Our country is no longer controlled by, and for, We the People, but instead by, and on behalf of, international banking and multinational corporate interests. While the gradual, almost imperceptible takeover of our government by this corporate fascism has been evolving by design for many decades, it is a coup d'etat nonetheless and has been disastrous for the vast majority of Americans. This blog is an exploration and discussion of how this occurred, and the damage it has done to our democratic processes.

Saturday, January 21, 2012

The Biggest Challenge of Our Time

Protester's sign at Occupy the Courts in Washington D.C.
Why the courts? Because frankly folks, that’s the scene of the crime. Corporate personhood and money equals political speech are court-created doctrines. We the people never decided it; our elected representatives didn’t decide it; ordinary people like me and you never decided it. The court created these doctrines and it’s going to take a movement to overturn it.” --- David Cobb, Move to Amend and an organizer of Friday’s Occupy the Courts protests.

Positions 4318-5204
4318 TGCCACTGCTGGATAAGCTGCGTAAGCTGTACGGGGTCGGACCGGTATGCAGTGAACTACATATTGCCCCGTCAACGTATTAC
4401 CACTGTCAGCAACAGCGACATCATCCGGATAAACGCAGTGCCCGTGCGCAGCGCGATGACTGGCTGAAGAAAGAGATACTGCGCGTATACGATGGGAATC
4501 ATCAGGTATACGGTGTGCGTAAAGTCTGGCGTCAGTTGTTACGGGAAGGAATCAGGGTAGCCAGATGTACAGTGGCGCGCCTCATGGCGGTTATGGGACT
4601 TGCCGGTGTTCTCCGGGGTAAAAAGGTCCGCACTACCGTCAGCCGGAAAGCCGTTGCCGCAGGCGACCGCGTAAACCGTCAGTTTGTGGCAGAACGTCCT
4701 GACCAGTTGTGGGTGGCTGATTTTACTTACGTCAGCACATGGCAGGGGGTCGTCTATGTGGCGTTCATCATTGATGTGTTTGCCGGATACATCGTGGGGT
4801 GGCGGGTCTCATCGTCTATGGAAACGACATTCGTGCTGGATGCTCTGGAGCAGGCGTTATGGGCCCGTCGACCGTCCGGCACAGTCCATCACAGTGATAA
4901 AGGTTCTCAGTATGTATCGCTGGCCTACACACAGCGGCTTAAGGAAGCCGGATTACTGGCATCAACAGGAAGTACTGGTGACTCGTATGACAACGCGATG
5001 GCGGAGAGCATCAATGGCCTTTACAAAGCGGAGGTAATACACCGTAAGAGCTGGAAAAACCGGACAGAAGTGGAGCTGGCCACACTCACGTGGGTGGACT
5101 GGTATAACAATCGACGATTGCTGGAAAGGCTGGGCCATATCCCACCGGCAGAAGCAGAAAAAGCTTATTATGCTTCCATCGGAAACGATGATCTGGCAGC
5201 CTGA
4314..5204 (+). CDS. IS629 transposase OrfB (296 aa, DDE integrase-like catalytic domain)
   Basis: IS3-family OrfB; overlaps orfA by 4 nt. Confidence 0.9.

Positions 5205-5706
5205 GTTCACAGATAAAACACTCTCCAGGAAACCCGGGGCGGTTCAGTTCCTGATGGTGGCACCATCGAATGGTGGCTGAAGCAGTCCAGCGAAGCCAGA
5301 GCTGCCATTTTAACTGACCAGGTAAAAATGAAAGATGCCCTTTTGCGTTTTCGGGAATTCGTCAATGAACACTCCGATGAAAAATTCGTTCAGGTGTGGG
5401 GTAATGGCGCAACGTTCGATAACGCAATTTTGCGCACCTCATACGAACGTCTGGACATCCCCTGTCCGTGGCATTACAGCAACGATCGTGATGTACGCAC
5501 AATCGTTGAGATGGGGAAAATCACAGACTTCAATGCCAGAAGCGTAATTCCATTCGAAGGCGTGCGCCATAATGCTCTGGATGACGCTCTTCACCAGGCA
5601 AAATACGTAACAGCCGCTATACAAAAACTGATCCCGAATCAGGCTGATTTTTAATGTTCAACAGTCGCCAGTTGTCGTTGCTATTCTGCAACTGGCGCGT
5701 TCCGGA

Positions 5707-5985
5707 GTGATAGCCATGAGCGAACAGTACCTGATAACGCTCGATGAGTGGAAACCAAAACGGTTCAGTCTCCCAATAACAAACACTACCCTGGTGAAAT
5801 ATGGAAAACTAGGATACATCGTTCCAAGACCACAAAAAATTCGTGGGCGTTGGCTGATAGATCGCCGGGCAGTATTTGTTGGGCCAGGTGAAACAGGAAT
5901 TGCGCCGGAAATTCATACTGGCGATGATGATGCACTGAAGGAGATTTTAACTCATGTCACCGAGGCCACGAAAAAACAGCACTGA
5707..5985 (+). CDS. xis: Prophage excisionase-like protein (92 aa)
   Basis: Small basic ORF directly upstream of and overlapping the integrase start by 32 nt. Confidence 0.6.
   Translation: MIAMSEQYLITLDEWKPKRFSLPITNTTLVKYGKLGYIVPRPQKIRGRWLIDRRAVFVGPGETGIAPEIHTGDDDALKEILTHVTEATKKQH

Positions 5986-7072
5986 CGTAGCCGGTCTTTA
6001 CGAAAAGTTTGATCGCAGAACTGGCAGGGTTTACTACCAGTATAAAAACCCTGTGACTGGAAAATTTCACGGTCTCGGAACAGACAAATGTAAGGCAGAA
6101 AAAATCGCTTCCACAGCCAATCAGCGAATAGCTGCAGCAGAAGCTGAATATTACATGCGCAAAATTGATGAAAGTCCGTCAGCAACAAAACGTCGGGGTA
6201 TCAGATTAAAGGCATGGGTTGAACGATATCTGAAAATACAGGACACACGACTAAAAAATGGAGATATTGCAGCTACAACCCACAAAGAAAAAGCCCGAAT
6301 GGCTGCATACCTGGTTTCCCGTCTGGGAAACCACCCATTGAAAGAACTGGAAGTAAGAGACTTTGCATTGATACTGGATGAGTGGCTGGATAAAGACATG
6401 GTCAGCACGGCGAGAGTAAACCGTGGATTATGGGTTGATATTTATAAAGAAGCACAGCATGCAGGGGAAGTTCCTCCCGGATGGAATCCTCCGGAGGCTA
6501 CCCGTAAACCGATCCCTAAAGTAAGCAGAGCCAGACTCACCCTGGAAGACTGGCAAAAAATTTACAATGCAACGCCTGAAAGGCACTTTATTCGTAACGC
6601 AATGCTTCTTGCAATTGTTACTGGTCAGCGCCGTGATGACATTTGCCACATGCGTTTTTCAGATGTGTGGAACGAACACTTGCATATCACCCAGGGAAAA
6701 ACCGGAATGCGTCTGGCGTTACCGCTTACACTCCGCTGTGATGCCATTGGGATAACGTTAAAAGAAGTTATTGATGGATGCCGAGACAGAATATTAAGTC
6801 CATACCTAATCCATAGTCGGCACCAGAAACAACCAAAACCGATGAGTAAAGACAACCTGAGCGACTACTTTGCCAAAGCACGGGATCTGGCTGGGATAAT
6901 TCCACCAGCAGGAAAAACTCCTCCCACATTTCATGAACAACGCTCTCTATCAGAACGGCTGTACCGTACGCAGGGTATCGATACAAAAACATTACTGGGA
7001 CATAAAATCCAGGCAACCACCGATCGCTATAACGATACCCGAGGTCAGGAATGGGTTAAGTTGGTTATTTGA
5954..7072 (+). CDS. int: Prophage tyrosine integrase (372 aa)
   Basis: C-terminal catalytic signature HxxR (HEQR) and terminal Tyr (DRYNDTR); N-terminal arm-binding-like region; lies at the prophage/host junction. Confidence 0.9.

In September a couple of years ago, I explored in a post how the Roberts Court obliterated the Constitution through corporate favoritism. I predicted -- which wasn't really that difficult -- how "big money in politics already subverted our democratic processes before [that election] year, but that [it would] seem like pennies-in-a-bucket when the steamroller of millions of corporate dollars start inundating the media with attack ads and influence peddling -- all designed to adversely influence your opinion to support their views and their candidates." Today's two-year anniversary of that inane and horrible Supreme Court decision, Citizens United v. Federal Election Commission, was the focus of yesterday's nation-wide network of protests called, collectively, Occupy the Courts. I was a part of the demonstration in Washington D.C., and although it was not as cold as last year's rally that observed the even colder and callous reasoning of that treasonous decision, it was still a brisk and windy day. 
Thom Hartmann speaking at Occupy the Courts
The D.C. event included many skits, street theater, and speeches by David Cobb, former presidential aspirant for the Green Party, along with Thom Hartmann, who initiated my journey of realizing the destabilizing and destructive nature of corporate personhood and the resultant corporatocracy we live under today due to this.